Ban on feeding of wild animals and birds in the works

SIAU MING EN Today Online 6 May 18;

The release of wildlife could also be regulated, but the committee studying this will first have to determine the scope of the Act given that several fishes and marine wildlife are excluded from the current definition of animals.

This was one of the issues raised at the first public consultation held at the Singapore Sustainability Academy on Friday (May 4), which was attended by more than 80 members of the public.

Mr Ng, who is MP for Nee Soon GRC, will be tabling a Private Member’s Bill in Parliament to propose changes to the Act. He also chairs the 17-member Wild Animal Legislation Review Committee set up to look into this. The committee includes members from the Nature Photographic Society (Singapore), the National University of Singapore’s law faculty, and the Singapore Pest Management Association.

“We really need to align (the Act) with all other animal legislations that we currently have, the rest have been reviewed and amended… (this Act) really is quite outdated,” said Mr Ng, who is also the founder of wildlife rescue group Animal Concerns Research and Education Society (Acres).

Amendments to another animal legislation, the Animals and Birds Act, were passed in 2014, for instance, and was also introduced as a private member’s bill. Under the current Wild Animals and Birds Act, it is an offence for any person to kill, take or keep any wild animal or bird.

Among the 10 tentative proposed amendments are suggestions to ban the feeding of wild animals throughout Singapore. Currently, such feeding is only banned in the nature reserves and parks under the Parks and Trees Act.

Others include regulating the release of all wild animals, with exceptions made for government agencies and organisations such as Acres whenever they see the need to release these animals back into the wild.

Beyond the act of killing, taking and keeping these wild animals and birds, one of the suggestions was to criminalise the harassment of such wildlife. They are also proposing a Code of Conduct to spell out what constitutes as harassment.

The use of nets, traps and similar equipment should be regulated too, said the committee.

They are also calling for provisions for “citizen empowerment against offenders”, which is similar to how the National Environment Agency’s community volunteers are given enforcement powers to issue warnings and summonses.

Other suggestions include raising the penalties under the Act, and introducing tiered penalties for first and repeated offenders, for instance. Currently, the penalty is set at maximum fine of S$1,000, and the forfeiture of the wild animal or bird.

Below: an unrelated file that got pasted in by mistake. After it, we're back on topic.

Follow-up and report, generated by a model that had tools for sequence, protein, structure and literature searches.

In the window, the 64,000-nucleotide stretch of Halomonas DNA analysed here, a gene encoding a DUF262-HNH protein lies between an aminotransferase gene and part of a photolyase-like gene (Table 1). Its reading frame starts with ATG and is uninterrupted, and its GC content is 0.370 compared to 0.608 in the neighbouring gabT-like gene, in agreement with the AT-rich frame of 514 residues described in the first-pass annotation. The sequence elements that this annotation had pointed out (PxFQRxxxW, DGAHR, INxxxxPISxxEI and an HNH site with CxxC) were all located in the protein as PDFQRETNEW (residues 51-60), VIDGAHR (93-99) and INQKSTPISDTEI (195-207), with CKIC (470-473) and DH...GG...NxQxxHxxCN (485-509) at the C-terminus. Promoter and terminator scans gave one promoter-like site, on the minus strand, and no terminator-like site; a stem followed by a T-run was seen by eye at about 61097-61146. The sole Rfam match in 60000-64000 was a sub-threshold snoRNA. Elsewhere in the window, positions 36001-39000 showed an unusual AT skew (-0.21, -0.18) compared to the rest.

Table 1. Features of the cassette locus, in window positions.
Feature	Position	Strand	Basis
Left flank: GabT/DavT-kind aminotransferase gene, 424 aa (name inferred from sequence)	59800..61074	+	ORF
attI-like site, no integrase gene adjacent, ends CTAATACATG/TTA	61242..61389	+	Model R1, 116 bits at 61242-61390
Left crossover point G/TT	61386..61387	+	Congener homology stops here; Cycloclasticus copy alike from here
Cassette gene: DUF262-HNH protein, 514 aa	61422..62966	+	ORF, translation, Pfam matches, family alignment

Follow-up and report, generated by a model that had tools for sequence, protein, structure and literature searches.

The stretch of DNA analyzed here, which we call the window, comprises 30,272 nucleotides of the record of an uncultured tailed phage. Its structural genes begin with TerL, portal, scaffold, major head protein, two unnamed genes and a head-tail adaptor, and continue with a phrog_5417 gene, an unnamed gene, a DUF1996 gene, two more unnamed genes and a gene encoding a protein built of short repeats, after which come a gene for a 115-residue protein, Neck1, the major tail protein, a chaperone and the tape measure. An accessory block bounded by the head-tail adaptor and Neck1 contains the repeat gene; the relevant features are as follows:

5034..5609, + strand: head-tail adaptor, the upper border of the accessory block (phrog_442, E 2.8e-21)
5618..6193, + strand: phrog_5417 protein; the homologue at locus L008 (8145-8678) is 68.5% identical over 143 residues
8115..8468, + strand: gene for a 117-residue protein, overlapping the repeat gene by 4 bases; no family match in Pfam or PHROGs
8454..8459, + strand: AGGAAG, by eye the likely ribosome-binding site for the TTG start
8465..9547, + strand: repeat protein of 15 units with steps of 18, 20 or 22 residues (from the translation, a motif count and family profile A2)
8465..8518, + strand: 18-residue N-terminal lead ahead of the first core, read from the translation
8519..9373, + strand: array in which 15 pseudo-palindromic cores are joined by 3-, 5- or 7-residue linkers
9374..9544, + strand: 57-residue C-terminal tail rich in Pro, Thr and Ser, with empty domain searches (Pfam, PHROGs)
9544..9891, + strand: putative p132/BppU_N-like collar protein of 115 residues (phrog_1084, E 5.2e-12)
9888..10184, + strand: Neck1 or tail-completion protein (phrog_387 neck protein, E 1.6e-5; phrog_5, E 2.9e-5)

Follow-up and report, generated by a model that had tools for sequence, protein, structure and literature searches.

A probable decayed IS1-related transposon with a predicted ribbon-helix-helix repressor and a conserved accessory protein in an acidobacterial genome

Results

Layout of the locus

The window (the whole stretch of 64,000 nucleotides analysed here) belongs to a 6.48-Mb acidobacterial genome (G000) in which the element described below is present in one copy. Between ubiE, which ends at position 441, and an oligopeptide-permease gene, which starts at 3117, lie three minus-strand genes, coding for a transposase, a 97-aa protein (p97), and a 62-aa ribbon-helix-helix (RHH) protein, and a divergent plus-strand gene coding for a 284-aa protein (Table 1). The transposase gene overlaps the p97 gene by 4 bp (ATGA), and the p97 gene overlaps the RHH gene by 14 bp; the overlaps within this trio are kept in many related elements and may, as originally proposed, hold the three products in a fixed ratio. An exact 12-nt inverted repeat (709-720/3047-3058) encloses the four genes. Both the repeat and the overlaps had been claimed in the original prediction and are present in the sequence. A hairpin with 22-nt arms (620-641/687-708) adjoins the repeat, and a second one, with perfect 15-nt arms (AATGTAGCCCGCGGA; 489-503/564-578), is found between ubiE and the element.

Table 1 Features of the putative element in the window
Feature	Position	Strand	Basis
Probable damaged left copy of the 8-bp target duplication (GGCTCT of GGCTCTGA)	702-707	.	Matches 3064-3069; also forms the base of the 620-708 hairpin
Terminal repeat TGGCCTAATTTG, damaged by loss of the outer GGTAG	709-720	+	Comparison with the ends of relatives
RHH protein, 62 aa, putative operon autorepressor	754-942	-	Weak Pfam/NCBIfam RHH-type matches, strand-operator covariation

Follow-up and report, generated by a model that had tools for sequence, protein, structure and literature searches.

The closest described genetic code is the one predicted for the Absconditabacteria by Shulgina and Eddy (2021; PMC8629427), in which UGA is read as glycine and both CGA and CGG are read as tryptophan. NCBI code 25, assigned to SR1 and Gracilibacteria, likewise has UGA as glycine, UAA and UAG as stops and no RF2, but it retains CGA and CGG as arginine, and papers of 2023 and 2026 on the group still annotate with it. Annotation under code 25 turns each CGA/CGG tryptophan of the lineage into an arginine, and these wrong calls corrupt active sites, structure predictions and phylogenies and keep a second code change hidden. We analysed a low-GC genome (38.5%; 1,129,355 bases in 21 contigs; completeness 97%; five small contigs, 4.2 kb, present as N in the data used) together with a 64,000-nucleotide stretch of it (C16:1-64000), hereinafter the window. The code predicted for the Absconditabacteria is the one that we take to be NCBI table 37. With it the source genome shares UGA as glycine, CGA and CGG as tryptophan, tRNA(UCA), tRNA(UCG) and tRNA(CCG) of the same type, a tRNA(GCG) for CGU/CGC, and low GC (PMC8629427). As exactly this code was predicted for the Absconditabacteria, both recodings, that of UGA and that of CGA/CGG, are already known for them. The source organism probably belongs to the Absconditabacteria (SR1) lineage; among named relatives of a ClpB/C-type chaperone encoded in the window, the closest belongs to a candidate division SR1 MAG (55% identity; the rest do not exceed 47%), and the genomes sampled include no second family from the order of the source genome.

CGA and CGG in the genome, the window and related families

At last week’s session, several participants asked if species such as bees, crabs, fish, and other marine wildlife would be covered under the Act. One participant pointed out that many marine wildlife are invertebrates, and they “completely fall through” the Act while another said the definition would not cover the fish and crabs often released for religious reasons.

The Act states that wild animals and birds include all species of animals and birds of a wild nature, but excludes domestic dogs and cats, horses, cattle, sheep, goats, domestic pigs, poultry, and ducks. Under the Interpretation Act – which defines certain terms and expressions used in written law – an animal “includes bird, reptile, fish and every kind of vertebrate animal and the young”.

This means invertebrates such as insects and the endangered horseshoe crabs are excluded. Amending the definition in the Wild Animals and Birds Act would also have implications on other sections in the Act as well, noted Mr Ng.

“The trapping of animals, (for instance), you can’t really stop someone from trapping say, a cockroach,” he said.

But the committee will look into the possibility of including some species of invertebrates – such as the fish and crabs that are often released during Vesak Day – in the relevant section to regulate the release of such wildlife.

Other issues raised during the consultation session included whether the amendments could cover the accidental escape of captive wildlife, which was not intentionally released but could also affect the environment. Another participant pointed out that it should similarly be an offence for individuals or organisations who facilitate the release of wildlife such as through the sale of these animals.

The committee plans to gather more feedback from the public through an online questionnaire that will be posted within one or two weeks. Closed door consultation sessions will also be held with the relevant stakeholders, including those from religious groups. All feedback will be taken into account before the committee drafts the Bill, and puts it up for consultation again.

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